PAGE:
The Four Seasons created some of the most memorable songs in American rock and roll.
“Sherry,” “Walk Like a Man,” “December, 1963 (Oh, What a Night)” and “Rag Doll.” Behind the soaring vocals of lead singer Frankie Valli, the Four Seasons sold more than 100 million records and were making hits into the disco years and beyond.
The band’s backstory is the stuff of Hollywood. They were blue-collar guys from Jersey, complete with criminal records and Mob connections. Still, Valli, guitarist Tommy DeVito and bassist Nick Massi worked hard at the music business, without a ton of success.
That all changed in 1959 when future actor and fellow Jersey boy Joe Pesci introduced them to his friend, singer-songwriter Bob Gaudio. Gaudio was a bit of a prodigy, having been a member of the Royal Teens and co-written the 1958 hit “Short Shorts” as a 15-year-old.
See? The stuff of Hollywood. Or Broadway, rather.
Gaudio teamed up with book writers Rick Elice and Marshall Brickman to create a musical biography of the Four Seasons. The result is “Jersey Boys,” which ran on Broadway for 12 years, won four Tony Awards (including for best musical) and returns to Spokane this weekend for a third run of shows.
Although he first saw “Jersey Boys” in Chicago not too long after it opened on Broadway, actor Eric Chambliss’ official relationship with the show dates back to 2018, when he was cast as Gaudio for the national tour. That gig came to a grinding halt in March 2020, of course, as did most live entertainment.
Chambliss is thrilled, he said, to be back on the road with much of the same company with whom he was performing in the before times.
“It’s special and unique, and it can’t be compared to other art forms,” Chambliss said of returning to live performance. “There’s nothing better than the collaboration between a company – the cast and crew – and the audience. It’s a pretty valuable connection.”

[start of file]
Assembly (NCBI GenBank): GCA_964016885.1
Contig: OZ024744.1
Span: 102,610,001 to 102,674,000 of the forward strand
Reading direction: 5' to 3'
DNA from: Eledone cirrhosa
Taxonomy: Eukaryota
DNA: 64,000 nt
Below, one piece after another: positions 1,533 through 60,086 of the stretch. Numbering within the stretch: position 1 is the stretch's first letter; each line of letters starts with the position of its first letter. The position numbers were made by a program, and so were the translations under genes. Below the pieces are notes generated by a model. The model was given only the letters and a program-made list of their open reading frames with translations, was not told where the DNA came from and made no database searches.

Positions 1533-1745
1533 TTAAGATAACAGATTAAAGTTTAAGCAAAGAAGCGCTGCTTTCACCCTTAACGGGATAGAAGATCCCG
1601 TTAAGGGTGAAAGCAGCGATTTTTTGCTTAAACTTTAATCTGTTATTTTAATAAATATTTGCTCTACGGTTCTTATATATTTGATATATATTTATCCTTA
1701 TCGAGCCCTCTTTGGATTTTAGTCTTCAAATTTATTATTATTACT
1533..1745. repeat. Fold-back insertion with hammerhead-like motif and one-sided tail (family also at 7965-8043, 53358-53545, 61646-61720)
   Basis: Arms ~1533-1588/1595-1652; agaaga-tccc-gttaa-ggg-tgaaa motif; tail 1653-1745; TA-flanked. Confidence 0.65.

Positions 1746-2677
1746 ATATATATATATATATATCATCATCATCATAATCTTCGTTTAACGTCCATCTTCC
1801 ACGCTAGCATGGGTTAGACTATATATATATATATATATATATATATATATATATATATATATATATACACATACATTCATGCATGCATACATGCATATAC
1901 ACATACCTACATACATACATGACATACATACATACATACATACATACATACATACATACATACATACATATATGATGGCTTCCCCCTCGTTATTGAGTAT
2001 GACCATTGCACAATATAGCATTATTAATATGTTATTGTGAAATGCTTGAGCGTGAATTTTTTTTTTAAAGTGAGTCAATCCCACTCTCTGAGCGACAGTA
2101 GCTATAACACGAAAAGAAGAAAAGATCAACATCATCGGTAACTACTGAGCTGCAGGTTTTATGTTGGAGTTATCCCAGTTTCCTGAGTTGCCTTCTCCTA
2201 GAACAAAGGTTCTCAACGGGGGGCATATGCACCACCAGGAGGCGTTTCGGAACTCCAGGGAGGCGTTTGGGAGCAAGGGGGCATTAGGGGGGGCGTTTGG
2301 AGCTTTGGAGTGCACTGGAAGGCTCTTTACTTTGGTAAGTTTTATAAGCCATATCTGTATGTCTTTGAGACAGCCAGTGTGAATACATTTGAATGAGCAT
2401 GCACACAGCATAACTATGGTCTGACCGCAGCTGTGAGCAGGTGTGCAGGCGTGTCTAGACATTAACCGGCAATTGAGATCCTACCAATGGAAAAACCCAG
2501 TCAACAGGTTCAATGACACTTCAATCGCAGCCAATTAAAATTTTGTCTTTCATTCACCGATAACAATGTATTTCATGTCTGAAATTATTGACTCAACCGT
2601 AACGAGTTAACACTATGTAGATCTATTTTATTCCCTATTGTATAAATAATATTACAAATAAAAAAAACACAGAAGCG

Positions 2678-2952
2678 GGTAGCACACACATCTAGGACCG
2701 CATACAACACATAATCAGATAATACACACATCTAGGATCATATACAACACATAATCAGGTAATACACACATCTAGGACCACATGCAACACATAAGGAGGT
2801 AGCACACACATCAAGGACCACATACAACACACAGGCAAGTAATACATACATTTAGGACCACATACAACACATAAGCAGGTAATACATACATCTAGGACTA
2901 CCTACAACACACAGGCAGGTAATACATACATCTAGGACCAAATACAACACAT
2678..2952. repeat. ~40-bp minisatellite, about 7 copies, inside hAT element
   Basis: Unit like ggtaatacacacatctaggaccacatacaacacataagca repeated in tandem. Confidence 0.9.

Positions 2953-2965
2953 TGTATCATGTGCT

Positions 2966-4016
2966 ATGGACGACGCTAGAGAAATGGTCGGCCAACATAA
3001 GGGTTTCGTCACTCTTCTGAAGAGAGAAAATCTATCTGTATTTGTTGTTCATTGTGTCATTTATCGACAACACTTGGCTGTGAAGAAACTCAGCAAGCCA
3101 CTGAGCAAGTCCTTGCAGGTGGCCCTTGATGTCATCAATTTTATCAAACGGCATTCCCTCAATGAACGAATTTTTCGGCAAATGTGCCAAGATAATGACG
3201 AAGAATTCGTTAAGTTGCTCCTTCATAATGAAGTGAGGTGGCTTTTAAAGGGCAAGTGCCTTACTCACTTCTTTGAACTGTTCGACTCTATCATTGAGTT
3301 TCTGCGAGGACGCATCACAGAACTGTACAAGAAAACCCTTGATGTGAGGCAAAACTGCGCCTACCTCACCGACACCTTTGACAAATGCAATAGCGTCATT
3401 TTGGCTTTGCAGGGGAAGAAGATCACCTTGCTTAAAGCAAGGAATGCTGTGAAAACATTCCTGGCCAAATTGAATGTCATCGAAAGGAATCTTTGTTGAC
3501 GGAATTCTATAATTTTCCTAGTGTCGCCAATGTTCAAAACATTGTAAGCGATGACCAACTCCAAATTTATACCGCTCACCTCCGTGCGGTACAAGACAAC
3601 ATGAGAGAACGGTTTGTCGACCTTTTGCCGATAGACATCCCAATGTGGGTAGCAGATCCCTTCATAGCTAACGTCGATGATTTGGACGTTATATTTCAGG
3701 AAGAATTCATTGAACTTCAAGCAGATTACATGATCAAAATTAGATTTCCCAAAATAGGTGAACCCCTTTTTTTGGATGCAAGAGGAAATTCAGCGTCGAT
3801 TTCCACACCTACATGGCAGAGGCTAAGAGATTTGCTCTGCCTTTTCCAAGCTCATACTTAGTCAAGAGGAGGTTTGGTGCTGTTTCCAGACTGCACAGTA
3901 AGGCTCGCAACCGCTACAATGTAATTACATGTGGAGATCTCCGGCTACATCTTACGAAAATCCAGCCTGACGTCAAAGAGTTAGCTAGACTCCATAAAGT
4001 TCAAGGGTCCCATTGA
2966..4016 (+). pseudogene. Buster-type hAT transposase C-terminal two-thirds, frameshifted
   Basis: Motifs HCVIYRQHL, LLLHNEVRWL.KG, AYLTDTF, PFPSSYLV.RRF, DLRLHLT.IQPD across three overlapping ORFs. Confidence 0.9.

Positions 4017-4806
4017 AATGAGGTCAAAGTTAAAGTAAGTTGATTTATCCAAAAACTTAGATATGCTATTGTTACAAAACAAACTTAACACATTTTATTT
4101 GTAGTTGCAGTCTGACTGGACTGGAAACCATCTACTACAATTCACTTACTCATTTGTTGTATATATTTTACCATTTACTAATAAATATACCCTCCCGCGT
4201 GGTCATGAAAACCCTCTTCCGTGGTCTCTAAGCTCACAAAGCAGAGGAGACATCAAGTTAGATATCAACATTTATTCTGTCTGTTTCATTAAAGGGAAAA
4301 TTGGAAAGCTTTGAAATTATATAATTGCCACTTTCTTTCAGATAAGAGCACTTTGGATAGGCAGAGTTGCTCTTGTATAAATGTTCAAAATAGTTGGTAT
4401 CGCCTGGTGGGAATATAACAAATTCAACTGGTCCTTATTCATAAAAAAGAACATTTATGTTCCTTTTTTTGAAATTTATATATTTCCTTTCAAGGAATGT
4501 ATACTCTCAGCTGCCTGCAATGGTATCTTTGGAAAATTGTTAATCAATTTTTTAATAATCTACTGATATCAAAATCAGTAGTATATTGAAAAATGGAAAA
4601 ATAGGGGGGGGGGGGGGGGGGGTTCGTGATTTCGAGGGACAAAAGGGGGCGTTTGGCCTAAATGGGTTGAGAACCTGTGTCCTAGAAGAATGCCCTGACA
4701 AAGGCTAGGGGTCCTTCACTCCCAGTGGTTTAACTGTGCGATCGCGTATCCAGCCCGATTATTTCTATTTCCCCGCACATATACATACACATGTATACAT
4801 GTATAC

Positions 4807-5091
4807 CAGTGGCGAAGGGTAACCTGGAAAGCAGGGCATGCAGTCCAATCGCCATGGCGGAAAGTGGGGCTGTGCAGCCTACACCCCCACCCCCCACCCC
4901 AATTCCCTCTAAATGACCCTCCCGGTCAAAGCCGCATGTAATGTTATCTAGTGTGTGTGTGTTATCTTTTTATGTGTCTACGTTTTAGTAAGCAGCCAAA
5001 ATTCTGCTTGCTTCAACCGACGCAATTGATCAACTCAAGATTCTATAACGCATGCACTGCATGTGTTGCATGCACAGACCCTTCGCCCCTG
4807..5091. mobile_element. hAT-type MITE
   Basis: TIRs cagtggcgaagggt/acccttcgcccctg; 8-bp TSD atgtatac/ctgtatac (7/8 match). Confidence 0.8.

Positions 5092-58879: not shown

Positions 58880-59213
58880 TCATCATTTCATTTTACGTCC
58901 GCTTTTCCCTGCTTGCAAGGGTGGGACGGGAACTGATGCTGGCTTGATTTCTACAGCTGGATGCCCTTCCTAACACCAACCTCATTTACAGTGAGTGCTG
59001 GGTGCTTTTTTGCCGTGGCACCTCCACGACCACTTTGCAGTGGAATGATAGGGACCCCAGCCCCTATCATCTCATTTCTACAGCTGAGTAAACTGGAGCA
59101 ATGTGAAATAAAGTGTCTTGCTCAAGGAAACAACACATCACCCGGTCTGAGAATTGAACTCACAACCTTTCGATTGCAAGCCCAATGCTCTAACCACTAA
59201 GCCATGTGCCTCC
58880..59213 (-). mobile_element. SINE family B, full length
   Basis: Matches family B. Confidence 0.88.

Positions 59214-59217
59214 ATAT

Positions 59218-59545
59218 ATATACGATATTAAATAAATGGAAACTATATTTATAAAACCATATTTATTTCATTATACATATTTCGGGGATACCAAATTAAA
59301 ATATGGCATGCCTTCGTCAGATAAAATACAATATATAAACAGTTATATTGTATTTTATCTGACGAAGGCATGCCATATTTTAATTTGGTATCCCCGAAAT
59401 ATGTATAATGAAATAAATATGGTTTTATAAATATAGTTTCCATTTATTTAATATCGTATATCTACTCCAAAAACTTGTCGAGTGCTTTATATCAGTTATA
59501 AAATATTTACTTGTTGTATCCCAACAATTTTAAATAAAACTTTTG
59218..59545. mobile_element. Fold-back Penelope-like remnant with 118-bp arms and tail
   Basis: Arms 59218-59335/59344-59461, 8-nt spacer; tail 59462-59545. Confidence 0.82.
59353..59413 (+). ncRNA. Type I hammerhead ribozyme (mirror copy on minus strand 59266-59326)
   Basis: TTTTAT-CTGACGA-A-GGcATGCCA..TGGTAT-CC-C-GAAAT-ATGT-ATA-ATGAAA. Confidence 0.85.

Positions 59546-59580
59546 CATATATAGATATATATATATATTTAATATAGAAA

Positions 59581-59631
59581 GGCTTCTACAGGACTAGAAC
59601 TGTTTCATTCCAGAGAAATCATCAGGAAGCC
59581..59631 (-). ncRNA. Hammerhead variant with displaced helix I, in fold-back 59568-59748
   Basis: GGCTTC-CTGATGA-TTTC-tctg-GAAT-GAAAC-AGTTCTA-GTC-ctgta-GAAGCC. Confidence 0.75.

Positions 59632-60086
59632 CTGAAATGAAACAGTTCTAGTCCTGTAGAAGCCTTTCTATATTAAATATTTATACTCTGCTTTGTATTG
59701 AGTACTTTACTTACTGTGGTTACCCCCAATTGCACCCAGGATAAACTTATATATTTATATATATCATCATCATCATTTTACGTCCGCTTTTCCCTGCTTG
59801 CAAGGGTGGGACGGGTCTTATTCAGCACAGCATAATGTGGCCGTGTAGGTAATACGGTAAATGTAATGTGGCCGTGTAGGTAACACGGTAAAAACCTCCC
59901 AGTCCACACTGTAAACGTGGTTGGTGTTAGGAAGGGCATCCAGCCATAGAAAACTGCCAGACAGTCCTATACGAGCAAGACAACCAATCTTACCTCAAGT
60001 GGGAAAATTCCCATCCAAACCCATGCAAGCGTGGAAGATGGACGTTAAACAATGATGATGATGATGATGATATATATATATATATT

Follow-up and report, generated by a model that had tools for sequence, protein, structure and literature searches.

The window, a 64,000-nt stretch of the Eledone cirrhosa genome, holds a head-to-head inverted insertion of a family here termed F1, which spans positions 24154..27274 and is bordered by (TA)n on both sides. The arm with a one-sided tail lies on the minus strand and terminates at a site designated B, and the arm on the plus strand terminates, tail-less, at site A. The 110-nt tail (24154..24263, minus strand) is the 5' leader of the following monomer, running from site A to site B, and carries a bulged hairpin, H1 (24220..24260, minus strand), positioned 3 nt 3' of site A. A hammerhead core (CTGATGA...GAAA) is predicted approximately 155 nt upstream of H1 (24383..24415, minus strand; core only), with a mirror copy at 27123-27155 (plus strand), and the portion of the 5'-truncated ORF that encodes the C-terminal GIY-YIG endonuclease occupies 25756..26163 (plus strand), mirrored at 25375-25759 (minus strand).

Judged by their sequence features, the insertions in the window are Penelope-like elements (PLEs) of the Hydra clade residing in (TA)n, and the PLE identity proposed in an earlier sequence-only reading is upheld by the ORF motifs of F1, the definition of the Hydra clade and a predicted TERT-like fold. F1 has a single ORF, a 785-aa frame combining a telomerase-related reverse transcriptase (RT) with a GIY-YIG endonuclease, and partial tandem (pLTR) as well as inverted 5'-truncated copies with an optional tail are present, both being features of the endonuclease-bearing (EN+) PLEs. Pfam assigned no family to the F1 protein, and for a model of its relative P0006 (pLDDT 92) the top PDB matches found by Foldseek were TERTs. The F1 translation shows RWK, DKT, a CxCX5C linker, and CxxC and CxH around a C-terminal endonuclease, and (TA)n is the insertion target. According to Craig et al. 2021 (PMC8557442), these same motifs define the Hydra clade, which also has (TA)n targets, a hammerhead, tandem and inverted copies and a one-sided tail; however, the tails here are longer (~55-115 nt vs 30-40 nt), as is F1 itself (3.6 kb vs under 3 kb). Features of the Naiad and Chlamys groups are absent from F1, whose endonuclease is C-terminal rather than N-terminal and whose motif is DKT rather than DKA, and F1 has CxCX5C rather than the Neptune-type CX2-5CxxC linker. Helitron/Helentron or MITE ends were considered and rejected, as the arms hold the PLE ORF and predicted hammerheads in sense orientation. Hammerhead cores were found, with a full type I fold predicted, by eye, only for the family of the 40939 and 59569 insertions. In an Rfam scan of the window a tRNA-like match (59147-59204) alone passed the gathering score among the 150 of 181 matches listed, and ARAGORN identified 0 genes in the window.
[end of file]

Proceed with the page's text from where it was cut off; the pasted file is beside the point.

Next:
He’s met Gaudio once, during a tour stop in Atlantic City. It was a surreal experience, he said, but he found Gaudio to be kind and supportive.
“He’s a character I love playing,” Chambliss said. “He describes himself as the last piece of the puzzle, and that’s because he is the guy who comes in and is the creative guy that they’re missing. Aside from that, aside from being a talented musician and songwriter, he was also a savvy businessman.
“He learned some lessons early on touring with ‘Short Shorts,’ which was his first top chart hit. … So, he was ready to hit the ground running when he met his muse, which was Frankie. Each one of them contributed something quite vital to their meteoric success.”
Usually considered as one of the best of the so-called jukebox musicals – like “Beautiful” or “Mamma Mia” – the success and popularity of “Jersey Boys” continue unabated.
“There’s a lot of secret sauce to ‘Jersey Boys.’ It’s a very easy show to love, whether you’re in it or seeing it for the first time or the 20th time,” Chambliss said. “It’s a fantastic story, and the music is really a wonderful selling point.”
As the band’s sound transitions from the high falsetto of their breakout hit, 1962’s “Sherry,” to the more mature vocal style of “December, 1963” in 1975, it was clear that the Four Seasons refused to remained locked in one style.
“Frankie, Bob and Bob Crewe, Bob Gaudio’s writing partner, they were so very much on the pulse of what was popular and the changing landscape of music,” Chambliss said. “Their sound really did evolve throughout the decades.
“And to stay at the top of the charts for as many decades as they have, that’s what it takes. You have to be willing to evolve.”
The story is structured so that the perspectives of the different band members are reflected.
“It not only is fun and exciting and entertaining, it also is very real and grounded and relatable, and all of these stories are at least sourced from real people and real incidents,” Chambliss said. “It’s woven together beautifully.
“They’re working class guys, through a very colorful background … they scrap their way to put together this incredible group. Tommy DeVito says in the beginning of the show, ‘You can join the Army, you can get Mobbed up, or you can become a star.’ And that’s the way they saw the world.”